Nevertheless, it is good to see that the government is at least trying to take some political credit for growing hospital beds -- see for example yesterday's Toronto Star story on new hospital beds by clicking here.  That, at least, is a little diversion from the attacks on hospitals as appropriate service providers that have characterized this government in the past.  Community and labour campaigns in favour of hospital services can take some of the credit for that.   

The alleged increased level of hospital operating funding will be discussed in the next post.

Overall health care spending will decline as a percentage of total program spending by the province this year – despite all the claims by the government that it makes health a priority, that they have heard the demands for better care, and that they are providing a "booster shot" for health care.  

Total program spending is budgeted to increase 4.9% while health care funding is budgeted to increase 2.98%.  Program spending excluding health care is budgeted to increase from $71.3 billion to $75.7 billion -- a 6.2% increase.  So health care falls a full 3.2% behind the overall program spending increase of other ministries. 

A "Health Care Budget"?  This certainly doesn't look like health care was the winner in the funding battles.

The real winners in the Budget were Advanced Education and Skills Development, Community and Social Services, Infrastructure, and, as expected, electricity cost relief, and the environment and climate change. 

Hospital and long-term Care (LTC) funding will decline as a portion of total program spending, just as overall health care funding will decline as a portion of total program spending.

Long-Term Care:  “In 2017, an additional $58 million, representing a two-per-cent increase, will be invested in resident care.”  However $58 million is not 2% of total provincial LTC funding.  That would require roughly a $66 million increase (not even counting provincial social assistance and “other” provincial funding that ends up in LTC).    

This is likely 2% of the Nursing and Personal Care (NPC) envelop and, perhaps, the Program and Support Services (PSS) envelop, the two largest portions of provincial LTC funding.   

That increase will not allow for significant increases in staffing hours for either NPC or PSS hours.  The government's refusal to open new LTC beds when the relevant population (aged 85+) is growing very rapidly means that those who get into LTC require more and more care.  

So we are stuck with another year of no more time to care while residents need more and more care. 

The third LTC envelop funded by the province, raw food, will grow by 6% -- or $15 million. “The government will increase the food allowance by over six percent this year, or $15 million, to ensure that LTC homes can provide nutritious menus that are responsive to medical and ethno-cultural needs.”   Advantage Ontario (the new name for the not-for-profit long term care providers previously named OANHSS) called for a 3.9% increase to the raw food budget - -so they (like the for-profit providers) are thrilled with this increase. How this will play on industry profits is a good question.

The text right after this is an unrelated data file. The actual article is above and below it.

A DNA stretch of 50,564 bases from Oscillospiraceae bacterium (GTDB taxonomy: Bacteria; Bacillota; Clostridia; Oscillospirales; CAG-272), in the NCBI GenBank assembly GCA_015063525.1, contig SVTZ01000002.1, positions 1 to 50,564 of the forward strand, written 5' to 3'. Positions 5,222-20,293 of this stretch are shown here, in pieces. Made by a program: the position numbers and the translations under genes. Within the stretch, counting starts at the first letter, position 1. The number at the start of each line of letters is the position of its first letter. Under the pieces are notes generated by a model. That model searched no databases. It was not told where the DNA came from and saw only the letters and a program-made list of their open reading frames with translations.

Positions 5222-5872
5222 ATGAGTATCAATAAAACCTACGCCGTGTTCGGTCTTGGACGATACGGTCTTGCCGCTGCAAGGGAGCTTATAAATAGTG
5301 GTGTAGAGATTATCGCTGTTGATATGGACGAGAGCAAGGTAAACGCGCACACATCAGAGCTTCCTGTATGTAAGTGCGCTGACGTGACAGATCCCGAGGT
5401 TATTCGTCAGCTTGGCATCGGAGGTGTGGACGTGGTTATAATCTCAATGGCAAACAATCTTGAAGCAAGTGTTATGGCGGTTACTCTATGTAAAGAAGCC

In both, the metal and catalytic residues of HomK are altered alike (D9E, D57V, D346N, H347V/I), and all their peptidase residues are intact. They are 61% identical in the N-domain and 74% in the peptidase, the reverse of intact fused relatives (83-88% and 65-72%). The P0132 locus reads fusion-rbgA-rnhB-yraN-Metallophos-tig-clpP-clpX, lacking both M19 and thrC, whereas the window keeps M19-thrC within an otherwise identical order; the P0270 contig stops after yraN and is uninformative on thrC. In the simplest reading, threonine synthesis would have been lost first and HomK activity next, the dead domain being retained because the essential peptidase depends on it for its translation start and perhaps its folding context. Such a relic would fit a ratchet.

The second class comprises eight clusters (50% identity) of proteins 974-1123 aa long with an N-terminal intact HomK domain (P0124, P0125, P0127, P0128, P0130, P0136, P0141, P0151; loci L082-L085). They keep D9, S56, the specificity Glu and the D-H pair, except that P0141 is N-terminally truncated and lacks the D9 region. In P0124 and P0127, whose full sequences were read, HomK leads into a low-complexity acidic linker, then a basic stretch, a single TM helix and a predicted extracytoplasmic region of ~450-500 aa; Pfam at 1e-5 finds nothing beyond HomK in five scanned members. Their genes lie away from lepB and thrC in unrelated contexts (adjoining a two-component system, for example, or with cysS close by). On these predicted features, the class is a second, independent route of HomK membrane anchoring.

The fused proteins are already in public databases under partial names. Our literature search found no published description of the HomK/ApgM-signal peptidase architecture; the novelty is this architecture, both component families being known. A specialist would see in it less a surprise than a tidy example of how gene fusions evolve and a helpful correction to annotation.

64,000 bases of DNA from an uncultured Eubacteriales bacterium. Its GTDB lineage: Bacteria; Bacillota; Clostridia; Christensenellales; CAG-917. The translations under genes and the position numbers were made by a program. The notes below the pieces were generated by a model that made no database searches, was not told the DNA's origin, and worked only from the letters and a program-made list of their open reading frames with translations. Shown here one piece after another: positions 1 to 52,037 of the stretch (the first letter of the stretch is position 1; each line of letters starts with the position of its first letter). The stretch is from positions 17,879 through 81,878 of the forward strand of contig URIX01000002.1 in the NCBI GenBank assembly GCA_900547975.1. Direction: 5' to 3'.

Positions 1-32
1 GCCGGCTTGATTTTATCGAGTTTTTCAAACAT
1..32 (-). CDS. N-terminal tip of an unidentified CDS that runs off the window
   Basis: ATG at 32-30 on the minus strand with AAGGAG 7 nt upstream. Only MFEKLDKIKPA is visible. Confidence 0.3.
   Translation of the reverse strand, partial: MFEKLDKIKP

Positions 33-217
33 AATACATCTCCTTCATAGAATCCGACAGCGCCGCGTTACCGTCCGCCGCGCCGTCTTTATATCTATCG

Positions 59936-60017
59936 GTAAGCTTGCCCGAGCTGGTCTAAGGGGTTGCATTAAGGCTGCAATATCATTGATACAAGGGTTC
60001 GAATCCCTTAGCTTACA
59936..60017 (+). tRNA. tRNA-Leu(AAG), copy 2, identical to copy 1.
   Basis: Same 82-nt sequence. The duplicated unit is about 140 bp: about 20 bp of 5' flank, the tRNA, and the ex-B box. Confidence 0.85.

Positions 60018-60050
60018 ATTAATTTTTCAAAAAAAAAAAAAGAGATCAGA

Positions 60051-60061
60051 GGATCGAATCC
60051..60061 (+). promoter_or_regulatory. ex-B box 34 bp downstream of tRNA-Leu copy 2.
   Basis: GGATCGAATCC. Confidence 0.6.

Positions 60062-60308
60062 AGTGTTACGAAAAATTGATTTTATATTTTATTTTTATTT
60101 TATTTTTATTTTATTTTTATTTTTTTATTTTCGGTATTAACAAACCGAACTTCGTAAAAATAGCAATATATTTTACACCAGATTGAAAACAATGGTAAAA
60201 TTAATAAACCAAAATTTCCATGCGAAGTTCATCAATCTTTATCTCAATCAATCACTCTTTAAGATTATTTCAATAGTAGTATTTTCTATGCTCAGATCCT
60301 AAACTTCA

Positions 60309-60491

These two announcements amount to a $73 million increase – very roughly a 2.3% increase for those three envelopes overall. 

There is also another $10 million for the Behavioural Support program.  Some (but not all) of that will wind up supporting LTC.  The Province says it is working towards the goal of a Behavioural Support Ontario (BSO) resource in every long-term care home in Ontario.  Funding will also be provided to expand the “work already underway in the long-term care sector to improve access to training and supports for quality palliative and end-of-life care in long-term care homes.” They don’t put a dollar amount on this last item, so it is probably not much.

There was nothing in the Budget about new LTC beds and Advantage Ontario did not even mention it in their response (although they had made a big deal of this prior to the Budget).  The government continues to redevelop old beds.

Compared to other provinces, Ontario LTC funding relies on extraordinarily large private payments from residents for accommodation.  So this fourth envelop of funding is not so significantly affected by the Budget.

Home and Community Care: As per usual, the “Province is expanding home and community care programs, including home nursing, personal support and physiotherapy services, with an additional investment of $250 million this year.” 

These $250 million increases have gone on for some years, so there is not much reason to think that this will do much to remove the backlogs or stop the reductions in service to less ill patients than we have seen in the past several years. 

Ontario Drug Benefit Plan expansion:  “OHIP+” will be available to all children and youth under 25, regardless of family income. It will completely cover the cost of all medicines funded through the ODB Program. There will be no deductible and no co-payment. This should reduce the costs of employer-based drug plans. The government reports an annual cost of $465 million.

The Gold -- Government Revenue: Ontario nominal economic growth was a third higher than expected in 2016 (4.6% versus 3.4%).  The Province's tax revenue estimate for 2016/17 is up $3.2 billion more than the 2016 Budget and $1.2 billion more than the Fall Economic Statement. So, they now expect to end up with 3.5% more tax revenue than planned in the Budget. Unfortunately the government also revised its estimate of carbon allowance proceeds downwards by $500 million so the total overall increase for 2016/17 is up $2.6 billion over the 2016 Budget estimate overall, about 2% more than planned.